I shouldn't be as worried as I am about other people, I should have more faith that things will work out.  I shouldn't be as impatient with youthful foibles as I am - after all, most of us do survive the mistakes we made as youngsters, and growing up will happen with or without my interference or assistance.  

I shouldn't be sweating the small stuff at this point in my life.  I shouldn't get so irritated when people don't know what to say, so they say stupid stuff ("well, you LOOK good...")  I shouldn't get so confused when people say things probably meant to be complimentary ("you are such an amazing/strong/fierce fighter..." - what does that mean?) and instead just enjoy the fact that they care enough about me to say something nice.  I should remember to compliment others more often, to let people know how much I appreciate them and love them.  

I should have a better idea of what life is all about.  You would think that with several years' warning, I'd have had time to figure all this out, but I don't think I've used the time correctly, or something, because I don't feel that I'm any wiser or better a person than I was four years ago.

What is the likelihood that I will close this huge gap in wisdom and accomplishment in a few short months, when I haven't done so in the last few years?  

Which means that I will go out pretty much in the same state that I came in... wrinkled, unevenly developed, flawed, and human.  




Well, it was a pretty darned demoralizing visit with Dr. Bouncy today.

We looked at my just-pre-Leg-Explosion  scans.

For one thing, we saw why Dr. B said that ablation was not an option for the pelvis/hip tumor.  It is not a nice tame sphere of haywire cells.  It is a Blob Of Evil that wraps pretty much around and through the entire pelvic and femur area.  It has destroyed most of the bone, and is strangling everything else around it, including blood flow - thus the Amazing Expandable Leg.  And it is growing at breakneck speed, to the point where I can feel the difference between how it is one day and how it is two days later.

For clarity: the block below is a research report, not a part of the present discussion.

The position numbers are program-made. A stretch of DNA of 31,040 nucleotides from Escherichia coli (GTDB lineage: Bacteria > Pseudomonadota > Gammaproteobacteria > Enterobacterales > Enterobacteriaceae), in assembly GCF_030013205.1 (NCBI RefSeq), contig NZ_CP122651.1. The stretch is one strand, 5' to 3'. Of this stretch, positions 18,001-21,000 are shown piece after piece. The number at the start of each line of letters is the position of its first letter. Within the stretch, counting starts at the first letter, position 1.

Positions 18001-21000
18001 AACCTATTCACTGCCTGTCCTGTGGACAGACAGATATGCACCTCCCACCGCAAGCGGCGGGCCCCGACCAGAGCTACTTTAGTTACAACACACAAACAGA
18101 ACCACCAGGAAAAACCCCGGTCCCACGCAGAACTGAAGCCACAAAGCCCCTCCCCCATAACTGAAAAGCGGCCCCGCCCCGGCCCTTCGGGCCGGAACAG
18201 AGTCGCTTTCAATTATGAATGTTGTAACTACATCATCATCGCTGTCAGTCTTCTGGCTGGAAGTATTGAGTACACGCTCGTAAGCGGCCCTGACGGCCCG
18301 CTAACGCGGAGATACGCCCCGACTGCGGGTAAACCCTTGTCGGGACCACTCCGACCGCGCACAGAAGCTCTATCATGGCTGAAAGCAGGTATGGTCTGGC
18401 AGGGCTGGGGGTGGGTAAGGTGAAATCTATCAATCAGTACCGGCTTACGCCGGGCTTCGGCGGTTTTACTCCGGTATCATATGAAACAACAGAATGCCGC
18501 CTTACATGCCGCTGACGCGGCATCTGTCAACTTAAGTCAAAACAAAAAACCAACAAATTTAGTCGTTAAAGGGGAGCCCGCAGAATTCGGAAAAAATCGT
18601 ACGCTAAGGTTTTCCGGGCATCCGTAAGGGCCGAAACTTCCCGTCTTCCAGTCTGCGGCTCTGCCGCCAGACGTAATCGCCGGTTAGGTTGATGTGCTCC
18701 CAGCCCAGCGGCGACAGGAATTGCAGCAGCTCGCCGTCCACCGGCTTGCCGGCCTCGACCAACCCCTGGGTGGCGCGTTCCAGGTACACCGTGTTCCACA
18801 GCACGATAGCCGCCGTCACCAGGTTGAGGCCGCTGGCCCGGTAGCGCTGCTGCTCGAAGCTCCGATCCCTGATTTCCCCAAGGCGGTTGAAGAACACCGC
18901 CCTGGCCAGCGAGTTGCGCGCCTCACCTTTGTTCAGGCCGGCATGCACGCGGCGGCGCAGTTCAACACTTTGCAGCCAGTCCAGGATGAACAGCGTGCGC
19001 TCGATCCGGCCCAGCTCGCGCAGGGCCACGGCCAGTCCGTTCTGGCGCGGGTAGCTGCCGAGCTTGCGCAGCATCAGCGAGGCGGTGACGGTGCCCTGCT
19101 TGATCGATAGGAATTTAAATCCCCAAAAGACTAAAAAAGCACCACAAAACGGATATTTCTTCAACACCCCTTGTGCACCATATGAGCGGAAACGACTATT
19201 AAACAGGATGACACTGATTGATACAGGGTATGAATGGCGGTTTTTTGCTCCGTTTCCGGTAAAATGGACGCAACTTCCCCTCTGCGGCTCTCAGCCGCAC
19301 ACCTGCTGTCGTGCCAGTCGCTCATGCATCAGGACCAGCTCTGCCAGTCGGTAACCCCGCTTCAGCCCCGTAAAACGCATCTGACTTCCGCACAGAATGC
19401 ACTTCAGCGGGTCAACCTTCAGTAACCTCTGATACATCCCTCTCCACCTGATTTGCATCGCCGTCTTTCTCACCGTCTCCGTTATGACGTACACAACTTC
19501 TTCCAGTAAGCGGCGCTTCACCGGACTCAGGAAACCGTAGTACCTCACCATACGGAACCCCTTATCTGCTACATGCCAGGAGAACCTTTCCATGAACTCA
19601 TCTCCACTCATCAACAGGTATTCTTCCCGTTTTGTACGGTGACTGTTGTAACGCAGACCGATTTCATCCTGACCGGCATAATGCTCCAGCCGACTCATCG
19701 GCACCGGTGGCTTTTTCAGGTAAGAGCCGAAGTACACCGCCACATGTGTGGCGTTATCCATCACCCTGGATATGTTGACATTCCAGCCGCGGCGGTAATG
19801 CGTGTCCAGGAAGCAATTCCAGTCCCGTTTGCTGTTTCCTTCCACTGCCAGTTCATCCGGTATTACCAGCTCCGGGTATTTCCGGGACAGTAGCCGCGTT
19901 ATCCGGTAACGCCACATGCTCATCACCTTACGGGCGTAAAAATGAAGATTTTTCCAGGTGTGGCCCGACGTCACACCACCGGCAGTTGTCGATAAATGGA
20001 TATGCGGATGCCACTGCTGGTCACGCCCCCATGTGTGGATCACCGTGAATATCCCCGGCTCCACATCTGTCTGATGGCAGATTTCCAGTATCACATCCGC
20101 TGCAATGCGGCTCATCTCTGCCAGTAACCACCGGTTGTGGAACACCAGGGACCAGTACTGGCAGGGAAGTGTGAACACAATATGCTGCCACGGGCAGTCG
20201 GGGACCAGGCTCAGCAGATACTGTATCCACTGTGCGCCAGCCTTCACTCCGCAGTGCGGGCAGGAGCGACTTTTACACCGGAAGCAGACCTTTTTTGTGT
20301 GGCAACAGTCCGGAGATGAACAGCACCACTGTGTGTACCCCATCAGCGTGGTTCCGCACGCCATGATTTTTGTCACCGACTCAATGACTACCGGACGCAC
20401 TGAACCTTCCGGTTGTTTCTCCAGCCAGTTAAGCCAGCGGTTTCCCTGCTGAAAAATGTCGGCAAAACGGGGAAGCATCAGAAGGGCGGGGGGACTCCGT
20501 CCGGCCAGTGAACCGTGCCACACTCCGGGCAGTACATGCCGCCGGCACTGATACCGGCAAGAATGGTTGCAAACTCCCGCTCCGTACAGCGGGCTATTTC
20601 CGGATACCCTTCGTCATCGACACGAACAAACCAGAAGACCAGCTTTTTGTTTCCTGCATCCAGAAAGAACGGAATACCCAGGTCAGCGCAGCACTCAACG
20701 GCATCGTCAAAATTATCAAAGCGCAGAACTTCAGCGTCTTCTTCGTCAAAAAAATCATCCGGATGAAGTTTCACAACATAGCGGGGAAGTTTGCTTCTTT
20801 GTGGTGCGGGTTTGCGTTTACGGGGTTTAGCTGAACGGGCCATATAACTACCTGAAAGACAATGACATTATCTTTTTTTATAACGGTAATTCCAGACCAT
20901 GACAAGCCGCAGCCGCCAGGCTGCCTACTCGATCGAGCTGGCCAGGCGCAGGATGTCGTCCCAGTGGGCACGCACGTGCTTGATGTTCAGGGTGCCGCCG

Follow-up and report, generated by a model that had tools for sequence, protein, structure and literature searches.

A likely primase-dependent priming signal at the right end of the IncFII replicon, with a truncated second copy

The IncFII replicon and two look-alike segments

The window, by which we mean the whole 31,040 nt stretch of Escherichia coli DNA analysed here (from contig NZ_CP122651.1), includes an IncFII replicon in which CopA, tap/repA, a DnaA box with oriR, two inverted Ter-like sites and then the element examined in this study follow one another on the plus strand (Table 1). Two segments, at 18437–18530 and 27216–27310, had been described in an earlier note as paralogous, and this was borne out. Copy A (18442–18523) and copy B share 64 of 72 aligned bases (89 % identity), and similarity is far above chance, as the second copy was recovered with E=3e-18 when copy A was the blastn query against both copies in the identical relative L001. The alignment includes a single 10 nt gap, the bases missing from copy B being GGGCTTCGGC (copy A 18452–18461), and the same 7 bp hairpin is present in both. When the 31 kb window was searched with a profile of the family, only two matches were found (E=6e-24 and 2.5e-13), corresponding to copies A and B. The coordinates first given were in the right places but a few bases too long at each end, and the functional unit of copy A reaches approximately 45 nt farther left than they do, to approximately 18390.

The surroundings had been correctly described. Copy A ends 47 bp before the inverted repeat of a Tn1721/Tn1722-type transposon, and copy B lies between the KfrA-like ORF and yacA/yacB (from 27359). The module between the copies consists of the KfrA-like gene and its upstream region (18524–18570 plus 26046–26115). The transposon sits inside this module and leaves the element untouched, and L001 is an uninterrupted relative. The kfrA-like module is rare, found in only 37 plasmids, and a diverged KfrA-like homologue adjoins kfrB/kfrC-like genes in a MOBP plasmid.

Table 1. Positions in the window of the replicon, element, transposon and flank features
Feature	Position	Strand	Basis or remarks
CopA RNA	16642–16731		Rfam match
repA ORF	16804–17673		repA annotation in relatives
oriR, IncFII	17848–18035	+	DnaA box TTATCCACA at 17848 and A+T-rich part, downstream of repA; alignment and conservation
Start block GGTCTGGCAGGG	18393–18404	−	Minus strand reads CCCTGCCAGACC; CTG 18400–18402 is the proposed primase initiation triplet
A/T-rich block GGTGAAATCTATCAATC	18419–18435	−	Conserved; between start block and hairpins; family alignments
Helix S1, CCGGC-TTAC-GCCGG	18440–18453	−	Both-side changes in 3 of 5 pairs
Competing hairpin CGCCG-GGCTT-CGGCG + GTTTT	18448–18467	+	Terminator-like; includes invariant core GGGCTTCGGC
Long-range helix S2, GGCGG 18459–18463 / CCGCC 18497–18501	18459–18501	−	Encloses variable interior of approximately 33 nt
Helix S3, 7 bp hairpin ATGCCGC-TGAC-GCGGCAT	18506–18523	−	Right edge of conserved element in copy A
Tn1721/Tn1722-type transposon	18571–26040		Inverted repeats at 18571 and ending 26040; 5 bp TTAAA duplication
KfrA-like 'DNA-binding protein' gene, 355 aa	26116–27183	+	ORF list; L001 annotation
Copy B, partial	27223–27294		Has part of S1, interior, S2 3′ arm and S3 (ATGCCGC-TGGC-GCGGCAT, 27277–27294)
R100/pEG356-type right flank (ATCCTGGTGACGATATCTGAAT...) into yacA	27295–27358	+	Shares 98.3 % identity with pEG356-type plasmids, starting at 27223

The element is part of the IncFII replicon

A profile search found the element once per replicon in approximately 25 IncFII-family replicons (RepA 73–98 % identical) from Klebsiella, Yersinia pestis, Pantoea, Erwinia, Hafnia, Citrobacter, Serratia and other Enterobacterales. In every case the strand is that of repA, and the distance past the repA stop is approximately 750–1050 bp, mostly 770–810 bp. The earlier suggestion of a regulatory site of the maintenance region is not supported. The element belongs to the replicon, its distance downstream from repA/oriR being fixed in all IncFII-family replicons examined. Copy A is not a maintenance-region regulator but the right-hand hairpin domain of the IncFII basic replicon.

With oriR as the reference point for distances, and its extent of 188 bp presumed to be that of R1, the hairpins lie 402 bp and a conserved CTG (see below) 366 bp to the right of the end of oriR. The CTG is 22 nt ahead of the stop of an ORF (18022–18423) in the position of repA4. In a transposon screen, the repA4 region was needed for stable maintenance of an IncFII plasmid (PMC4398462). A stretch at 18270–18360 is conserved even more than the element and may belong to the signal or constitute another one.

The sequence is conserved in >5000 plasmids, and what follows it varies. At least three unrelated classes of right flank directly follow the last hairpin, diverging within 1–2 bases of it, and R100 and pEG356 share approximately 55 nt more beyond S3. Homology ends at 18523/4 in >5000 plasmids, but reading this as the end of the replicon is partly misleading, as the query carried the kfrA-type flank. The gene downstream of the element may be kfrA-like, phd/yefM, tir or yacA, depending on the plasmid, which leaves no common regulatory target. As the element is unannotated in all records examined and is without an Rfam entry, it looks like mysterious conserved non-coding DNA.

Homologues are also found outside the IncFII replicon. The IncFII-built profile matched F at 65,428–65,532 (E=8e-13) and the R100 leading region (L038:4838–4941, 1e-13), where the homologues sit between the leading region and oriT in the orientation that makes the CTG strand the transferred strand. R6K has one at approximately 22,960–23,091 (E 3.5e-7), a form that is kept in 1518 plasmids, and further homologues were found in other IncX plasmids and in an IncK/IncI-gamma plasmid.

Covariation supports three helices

My guess is that although some of the other tumors were responding mildly to some of the chemo treatments, that tumor was busily wrapping itself around me, unchecked.


I was told earlier about the rib tumor that is expanding itself into the top section of my lung.  But it turns out I also have an independent tumor in my liver.

Which is the first of what is likely to be many.  Fairly soon, if this last treatment doesn't work.

Prognosis is not good.  This was illustrated by the fact that Dr. Bouncy not only didn't conspicuously avoid the whole End Of Life/Hospice Care conversation - he initiated it.

So if this treatment works better than the others, I'll have some months ahead.  Probably not a year.    If it doesn't - well, of course nobody can say for certain, but we can probably count the weeks pretty easily.

Not what we wanted to hear, even though we were fairly certain of the likely report long before we entered the office.

There are a lot of practical decisions and work that are going to need doing in the next few weeks.

No rest for the wicked, I guess...


Newest Info

**Newest info: No pneumonia, but multiple clots in my lungs, some fluid in my lungs, my heart may be under too much stress, I have a large but relatively new tumor coming out of my rib and protruding right through/into my left lung, my hemoglobin is too low, as is my potassium.  I'm having a lot of trouble eating much of anything - I'll have to talk to the nutrition folks at the hospital to see if they can bring something very small every two hours, rather than a bigger meal every five.  Not that I'm likely to eat much of that, either (not a big fan of the company that provides the hospital food here, I'm afraid).
The coumadin may not be thinning my blood adequately, so I'll be either combining it with another thinner that must be injected into my stomach every day (which means I'll have to do it myself... yeah, that'll be great...) or doing just the injected one.